Changes in nitric oxide release in vivo in response to vasoactive substances

E. Nava, N. P. Wiklund, F. J. Salazar

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22 Scopus citations


1. Changes in the release of nitric oxide (NO) in vivo were studied in rats following the administration of endothelium-dependent and -independent vasodilators as well as the NO synthesis inhibitor, N(G)-nitro-L-arginine methyl ester (L-NAME). NO production was assessed by measuring variations of nitrate in plasma by capillary ion analysis. 2. Intravenous administration of the endothelium-dependent vasodilators, bradykinin (2 and 10 μg kg-1 min-1) or substance P (0.3-3 μg kg-1 min-1) caused a transient dose-dependent hypotension followed by an increase in plasma nitrate concentration (maximal increments: 33 ± 5% and 38 ± 6%, for bradykinin and substance P, respectively). Prior administration of L-NAME (10 mg kg-1 min-1) inhibited the hypotension and increase in plasma nitrate caused by these substances. Intravenous administration of sodium nitrate (200 μg kg-1) also produced a transitory elevation in plasma nitrate which was similar in magnitude as that caused by the vasodilators. A rapid and transitory increment in plasma nitrate was observed after i.v. administration of authentic NO (400 μg kg-1). 3. Rats receiving the endothelium-dependent vasodilators, prostacyclin (0.6 μg kg-1 min-1) or adenosine (3 mg kg-1 min-1) intravenously showed a drop in blood pressure paralleled by a decrease in plasma nitrate (maximal decreases: 34 ± 5% and 24 ± 4%, for prostacyclin and adenosine, respectively). A similar effect on the plasmatic concentration of nitrate was observed when L-NAME (10 mg kg-1 min-1, i.v.) was administered to the animals. 4. This study demonstrates that (i) changes in plasma nitrate can be detected in vivo after stimulation or inhibition of NO synthase, (ii) an increased production of NO, measured as plasma nitrate, is related to the hypotension caused by bradykinin and substance P and (iii) a diminished concentration of plasmatic nitrate is associated to the hypotension induced by adenosine or prostacyclin (endothelium-independent vasodilators), suggesting that the L-arginine: NO pathway is capable of rapid down-regulation in response to a fall in blood pressure.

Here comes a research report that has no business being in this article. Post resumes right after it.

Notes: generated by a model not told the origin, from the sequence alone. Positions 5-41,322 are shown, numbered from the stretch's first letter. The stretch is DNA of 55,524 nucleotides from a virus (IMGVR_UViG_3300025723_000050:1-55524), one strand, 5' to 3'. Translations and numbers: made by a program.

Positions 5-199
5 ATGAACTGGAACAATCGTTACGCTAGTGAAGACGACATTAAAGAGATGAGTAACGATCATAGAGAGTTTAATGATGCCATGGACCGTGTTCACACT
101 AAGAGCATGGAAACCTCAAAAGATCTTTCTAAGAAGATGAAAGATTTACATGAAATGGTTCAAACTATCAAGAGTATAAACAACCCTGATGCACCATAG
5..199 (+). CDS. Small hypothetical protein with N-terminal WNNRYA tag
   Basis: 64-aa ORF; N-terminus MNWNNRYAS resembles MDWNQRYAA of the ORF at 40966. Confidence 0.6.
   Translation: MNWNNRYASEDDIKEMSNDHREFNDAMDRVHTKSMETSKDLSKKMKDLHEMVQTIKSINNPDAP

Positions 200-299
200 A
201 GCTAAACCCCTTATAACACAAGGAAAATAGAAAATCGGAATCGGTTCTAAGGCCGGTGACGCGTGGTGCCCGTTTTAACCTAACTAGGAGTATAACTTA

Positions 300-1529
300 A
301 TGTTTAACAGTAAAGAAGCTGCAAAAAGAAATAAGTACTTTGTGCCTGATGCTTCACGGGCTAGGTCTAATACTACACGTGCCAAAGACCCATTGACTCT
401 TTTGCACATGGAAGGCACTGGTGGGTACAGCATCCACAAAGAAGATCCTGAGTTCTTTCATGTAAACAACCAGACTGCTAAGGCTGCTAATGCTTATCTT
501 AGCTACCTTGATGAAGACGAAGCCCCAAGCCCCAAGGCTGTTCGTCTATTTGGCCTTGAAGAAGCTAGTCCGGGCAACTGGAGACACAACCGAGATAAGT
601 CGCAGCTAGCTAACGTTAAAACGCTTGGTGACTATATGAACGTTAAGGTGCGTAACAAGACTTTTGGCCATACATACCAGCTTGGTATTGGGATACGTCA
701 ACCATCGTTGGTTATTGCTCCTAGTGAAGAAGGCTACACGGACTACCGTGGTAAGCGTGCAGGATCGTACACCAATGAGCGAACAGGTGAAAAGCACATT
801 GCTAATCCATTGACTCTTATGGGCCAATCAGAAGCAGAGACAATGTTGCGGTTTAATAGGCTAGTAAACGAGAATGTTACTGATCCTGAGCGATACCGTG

Original languageEnglish
Pages (from-to)1211-1216
Number of pages6
JournalBritish Journal of Pharmacology
Issue number6
StatePublished - 1996
Externally publishedYes


  • Adenosine
  • Arterial pressure
  • Bradykinin
  • Capillary ion analysis
  • Nitrate
  • Nitric oxide
  • Prostacyclin
  • Substance P


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